Who are we?

The Findhorn Hinterland Trust (FHT) is a charity (SC045806) set up as a SCIO (Scottish Charitable Incorporated Organisation) in July 2015 and as such has a formal constitution and is regulated by OSCR (Office of Scottish Charities Register) for which it produces FHT Trustees Report and Financial Statements 2022.

The Trust has picked up and is developing the work of the now dissolved Findhorn Hinterland Group, an unincorporated community group who worked productively for ten years to bring together local land and people for the benefit of both. The FHT has a two-tier structure of up to twelve trustees, many of whom represent local landowners and organisations, and a growing membership of over 170 local people interested in the land and who are willing to get involved in the work of the organisation. The various areas of the trust’s present work and the roles taken on by trustees can be seeen on the mindmap of trustee roles with more detail and explanation given in the associated trustees’ roles notes.

As of December 2019 members pay a £10 minimum annual joining fee and have their personal information held according to the Trust’s Privacy Policy.

What are our purposes?

The Findhorn Hinterland Trust does not own land but works with landowners and other stakeholders in the local area to help integrate land management and involve the local community.

Its specific purposes, related to land in the Findhorn area, are to:

  • Promote environmental protection and improvement.
  • Educate the local community and wider public in relation to the outdoor and environmental opportunities local habitats and environs provide.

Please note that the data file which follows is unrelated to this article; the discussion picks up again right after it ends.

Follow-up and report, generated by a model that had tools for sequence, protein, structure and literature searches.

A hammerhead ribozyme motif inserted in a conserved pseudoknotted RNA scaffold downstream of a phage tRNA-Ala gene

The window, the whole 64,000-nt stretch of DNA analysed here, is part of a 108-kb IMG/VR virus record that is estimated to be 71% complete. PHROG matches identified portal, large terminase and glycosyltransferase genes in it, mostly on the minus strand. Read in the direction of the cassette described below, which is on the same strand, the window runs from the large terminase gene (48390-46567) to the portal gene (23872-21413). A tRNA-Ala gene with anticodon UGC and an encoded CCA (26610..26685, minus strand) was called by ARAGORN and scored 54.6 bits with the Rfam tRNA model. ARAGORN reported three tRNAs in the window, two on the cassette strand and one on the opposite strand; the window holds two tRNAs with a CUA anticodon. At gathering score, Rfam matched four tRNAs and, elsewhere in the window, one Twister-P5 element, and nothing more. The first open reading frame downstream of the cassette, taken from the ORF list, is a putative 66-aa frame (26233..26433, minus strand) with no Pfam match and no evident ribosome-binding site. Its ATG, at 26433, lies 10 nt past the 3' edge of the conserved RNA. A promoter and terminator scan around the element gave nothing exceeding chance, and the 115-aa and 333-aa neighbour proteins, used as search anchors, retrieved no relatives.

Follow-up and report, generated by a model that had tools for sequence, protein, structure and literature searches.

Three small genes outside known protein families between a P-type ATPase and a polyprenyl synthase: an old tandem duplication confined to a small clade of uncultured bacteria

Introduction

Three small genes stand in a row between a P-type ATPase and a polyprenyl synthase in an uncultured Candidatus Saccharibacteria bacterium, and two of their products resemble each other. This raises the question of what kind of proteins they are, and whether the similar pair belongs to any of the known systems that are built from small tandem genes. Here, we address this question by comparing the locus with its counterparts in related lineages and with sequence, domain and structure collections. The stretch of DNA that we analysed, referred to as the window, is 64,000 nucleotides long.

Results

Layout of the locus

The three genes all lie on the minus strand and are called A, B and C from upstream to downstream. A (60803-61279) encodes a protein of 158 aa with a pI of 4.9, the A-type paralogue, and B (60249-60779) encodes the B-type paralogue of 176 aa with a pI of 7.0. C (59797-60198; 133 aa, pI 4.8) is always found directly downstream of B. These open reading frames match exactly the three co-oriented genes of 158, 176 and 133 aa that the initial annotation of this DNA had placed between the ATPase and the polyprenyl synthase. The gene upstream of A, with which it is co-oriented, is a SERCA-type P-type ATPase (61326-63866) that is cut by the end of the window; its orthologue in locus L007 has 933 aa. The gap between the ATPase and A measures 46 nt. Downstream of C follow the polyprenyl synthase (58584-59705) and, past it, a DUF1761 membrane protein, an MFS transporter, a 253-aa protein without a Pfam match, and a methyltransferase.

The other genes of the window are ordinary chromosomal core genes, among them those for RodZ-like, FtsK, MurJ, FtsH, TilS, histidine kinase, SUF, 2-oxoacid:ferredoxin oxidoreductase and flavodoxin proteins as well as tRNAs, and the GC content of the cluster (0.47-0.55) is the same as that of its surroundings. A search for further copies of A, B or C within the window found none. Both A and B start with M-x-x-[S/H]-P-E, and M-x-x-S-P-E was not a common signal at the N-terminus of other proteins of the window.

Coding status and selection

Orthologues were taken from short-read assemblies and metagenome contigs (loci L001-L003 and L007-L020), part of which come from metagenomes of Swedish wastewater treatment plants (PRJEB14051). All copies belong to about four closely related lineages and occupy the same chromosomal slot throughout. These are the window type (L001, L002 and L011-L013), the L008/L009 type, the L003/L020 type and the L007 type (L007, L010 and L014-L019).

• Encourage community development through offering activities related to the land and by promoting cooperation and collaboration amongst owners and stakeholders.
  • Providing recreational facilities and activities with the object of improving the conditions of life for local people and others in West Moray and beyond.

What do we do?

There are at present a wide variety of activities related to the Trust’s four main purposes that are carried out by the FHT and its members:

Conservation.  This involves on the ground activities such as scrub clearance on nationally important lichen beds, tree planting and care on other parts of the land, encouraging conservation grazing of ponies, new pond maintenance and bird box erection as well as activities such as promoting integrated land management with landowners and bringing people’s attention to important documents such as the Findhorn Dunes Trust Lichen Survey, FHT Baseline Fungal Survey Nov 2020, Findhorn Hinterland bryophyte survey Oct 2020, Mosses Findhorn and the Local Biodiversity Action Plan 2020-2025. Refer to additional LBAP documents to view Appendices 1-4 and Appendix 5.

Education. The FHT encourages groups ranging from school groups of all ages, adults with learning difficulties, courses held by the Findhorn Foundation etc to use the land for different educational purposes.  It also has a small apiary and hands-on learning of the art of beekeeping is offered.  A demonstration Edible Woodland Garden has been developed and members regularly meet to look after this and have a social time. Regular talks and public events are put on to promote different aspects of the Charities educational work.

Providing Recreational Activities. The Trust maintains and develops paths for access in the woods and to and from the dunes, provides informative weekly walking tours, and offers a booking system and guides for the responsible use of  the woodland shelter,  fire areas and small group camping areas.  It also works with the Moravian Orienteers to help make sure that the land can be used for this sport with little impact on the land’s important features.  Two ponies continue to use the land on a regular basis.

Community Building. Public consultation, attending events such as those of the Community Woodland Association, providing opportunities for people to meet through monthly work parties on the land and weekly gatherings in the Edible Woodland Garden, gatherings for special events such as the celebration around becoming a charity and a Christmas gathering where people come to collect trees and share time around a fire all provide opportunities to build local community.